Category Archives: Grumbly_Pixie

OP-ED: Amazon’s arrogance is extraordinary!


Please note:  By continuing to read this post, you accept the terms of this website and you accept that you are reading an opinionated blog.

I am gobsmacked by the sheer arrogance and incompetence of Amazon who lost a package and simply refused to do anything more than issue empty apologies and meaningless credit vouchers.  I am so disappointed by their lack of care that I have refused to accept their e-vouchers because this implies that: I have accepted their lame indifference; I waive away any rights; and more importantly, that Amazon is off the hook.

Rather than be pissed off about this and grumble quietly, I will now dedicate myself to translate my piss-off-ness into meaningful effect.

Watch this space ….  There is one seriously Grumbly Pixie about!



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Disclaimer:  the opinions, viewpoints and experiences expressed here are by definition ‘personal’.  As such,  @ZombifiedPixie asserts that her specific personal experience outlined in this blog   may  or  may  not   be applicable to others.  It is therefore up to the reader to make his/her own mind about the merits of this opinionated blog.

Furthermore, whilst every effort is made to be honest and accurate, @ZombifiedPixie makes no claim that all details here are factual, representative or complete.  Therefore, anyone researching any of the named parties are strongly advised to continue with his/her own research to form a more robust finding.  To be blunt, this is an honest but opinionated diary and therefore should not be used in isolation when forming an opinion about any of the named parties.  @ZombifiedPixie accepts no liability if the reader mis-translates an opinion as a fact.

Feedback, correction and/or alternative viewpoints, please contact



OP-ED: Shame on me !!!

Please note:  opinions, viewpoints and experiences are by definition ‘personal’.  As such,  @ZombifiedPixie asserts that her specific personal experience outlined in this blog   may  or  may  not   be applicable to others.  It is therefore up to the reader to make his/her own mind about the merits of this opinionated blog.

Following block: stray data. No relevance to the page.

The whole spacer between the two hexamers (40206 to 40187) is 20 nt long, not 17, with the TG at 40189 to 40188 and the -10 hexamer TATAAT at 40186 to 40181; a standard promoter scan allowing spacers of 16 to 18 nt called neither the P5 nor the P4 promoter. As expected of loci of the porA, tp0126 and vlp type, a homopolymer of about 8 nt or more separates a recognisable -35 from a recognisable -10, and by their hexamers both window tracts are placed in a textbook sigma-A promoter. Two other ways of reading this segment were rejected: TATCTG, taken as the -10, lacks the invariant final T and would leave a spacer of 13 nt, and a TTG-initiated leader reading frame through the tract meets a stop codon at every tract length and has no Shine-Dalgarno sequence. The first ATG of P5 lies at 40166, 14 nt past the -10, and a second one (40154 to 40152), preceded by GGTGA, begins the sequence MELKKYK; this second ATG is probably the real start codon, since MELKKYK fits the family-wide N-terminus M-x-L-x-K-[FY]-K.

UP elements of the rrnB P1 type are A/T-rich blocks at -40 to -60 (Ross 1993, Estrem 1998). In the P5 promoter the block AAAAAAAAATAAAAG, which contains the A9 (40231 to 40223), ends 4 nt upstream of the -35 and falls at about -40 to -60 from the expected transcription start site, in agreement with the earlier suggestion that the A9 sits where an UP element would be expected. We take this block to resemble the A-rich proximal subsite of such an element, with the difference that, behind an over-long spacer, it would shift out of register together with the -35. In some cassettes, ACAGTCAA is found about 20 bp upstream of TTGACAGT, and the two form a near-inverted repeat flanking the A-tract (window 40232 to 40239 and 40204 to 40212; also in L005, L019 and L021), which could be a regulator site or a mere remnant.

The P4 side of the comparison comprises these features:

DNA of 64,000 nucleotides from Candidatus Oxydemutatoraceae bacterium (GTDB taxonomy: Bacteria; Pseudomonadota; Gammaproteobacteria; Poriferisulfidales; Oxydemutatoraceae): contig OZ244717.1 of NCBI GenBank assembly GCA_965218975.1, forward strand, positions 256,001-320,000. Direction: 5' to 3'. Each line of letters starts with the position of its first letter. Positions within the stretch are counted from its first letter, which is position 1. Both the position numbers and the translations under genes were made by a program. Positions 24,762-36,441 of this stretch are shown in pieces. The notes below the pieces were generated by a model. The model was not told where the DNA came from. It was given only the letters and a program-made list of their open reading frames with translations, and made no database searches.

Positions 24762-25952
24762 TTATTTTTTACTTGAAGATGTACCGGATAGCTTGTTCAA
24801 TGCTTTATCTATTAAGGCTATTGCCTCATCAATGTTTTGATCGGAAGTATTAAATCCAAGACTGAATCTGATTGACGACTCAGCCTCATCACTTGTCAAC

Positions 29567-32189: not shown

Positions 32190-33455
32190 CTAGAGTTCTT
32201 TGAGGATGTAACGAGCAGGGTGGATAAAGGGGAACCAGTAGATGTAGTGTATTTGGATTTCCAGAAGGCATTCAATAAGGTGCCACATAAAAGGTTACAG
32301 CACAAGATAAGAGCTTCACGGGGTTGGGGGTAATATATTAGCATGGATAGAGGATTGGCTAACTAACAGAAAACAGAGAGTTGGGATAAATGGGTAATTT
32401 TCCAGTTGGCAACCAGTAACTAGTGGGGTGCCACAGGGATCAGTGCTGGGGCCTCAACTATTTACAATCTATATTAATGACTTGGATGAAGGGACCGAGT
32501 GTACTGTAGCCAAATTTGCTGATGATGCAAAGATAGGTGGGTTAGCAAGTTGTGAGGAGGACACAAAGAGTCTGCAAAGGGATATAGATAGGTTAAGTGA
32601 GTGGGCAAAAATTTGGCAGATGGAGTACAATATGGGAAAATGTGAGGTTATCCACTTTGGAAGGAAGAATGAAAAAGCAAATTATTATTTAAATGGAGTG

Furthermore, whilst every effort is made to be honest and accurate, @ZombifiedPixie makes no claim that all details here are factual, representative or complete.  Therefore, anyone researching any of the named parties are strongly advised to continue with his/her own research to form a more robust finding.  To be blunt, this is an honest but opinionated diary and therefore should not be used in isolation when forming an opinion about any of the named parties.    

By continuing to read this post, you accept the terms of this website and you accept that you are reading an opinionated blog. @ZombifiedPixie accepts no liability if the reader mis-translates an opinion as a fact.

Feedback, correction and/or alternative viewpoints, please contact

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Shame on me!  Shame on me!  I’ve been fooled.  Despite my very best and determined efforts and ‘street smarts’, I’ve been hoodwinked.  I hang my head low in shame.

Damn the London property agents!

After the fiasco with 325 Borough High Street (see earlier blog), I wonder if my immune system against property-agent-developer-bullshit was compromised and therefore I was more susceptible to making foolhardy decisions.  Or, perhaps it was the pressure of seeing the property market rocket ahead and the fear of incurring an opportunity cost for not proceeding rapidly enough with another property that made me listen/accept/digest the bullshit from the next property agent.  Regardless, I blame only myself for not recognising the deft high-pressure sales tactic used by a Daniel Cobb (London Bridge branch) agent.

When I’d received this email from the agent on July 11, 2014, alarm bells should have gone off:

“An offer has come in from a bulk buyer to purchase all remaining units in the XXXXX. I understand from your previous correspondence that you are returning to HK today/tonight however the developer’s would like to know if you would like to pursue unit XXX asap.”

As I was about to hop onto a 12+ hour flight (read:  no internet access), I had to make a very quick decision.  And so, I’d advised my husband that he should proceed with the purchase of Flat XXX  before the “bulk buyer” snaps it up.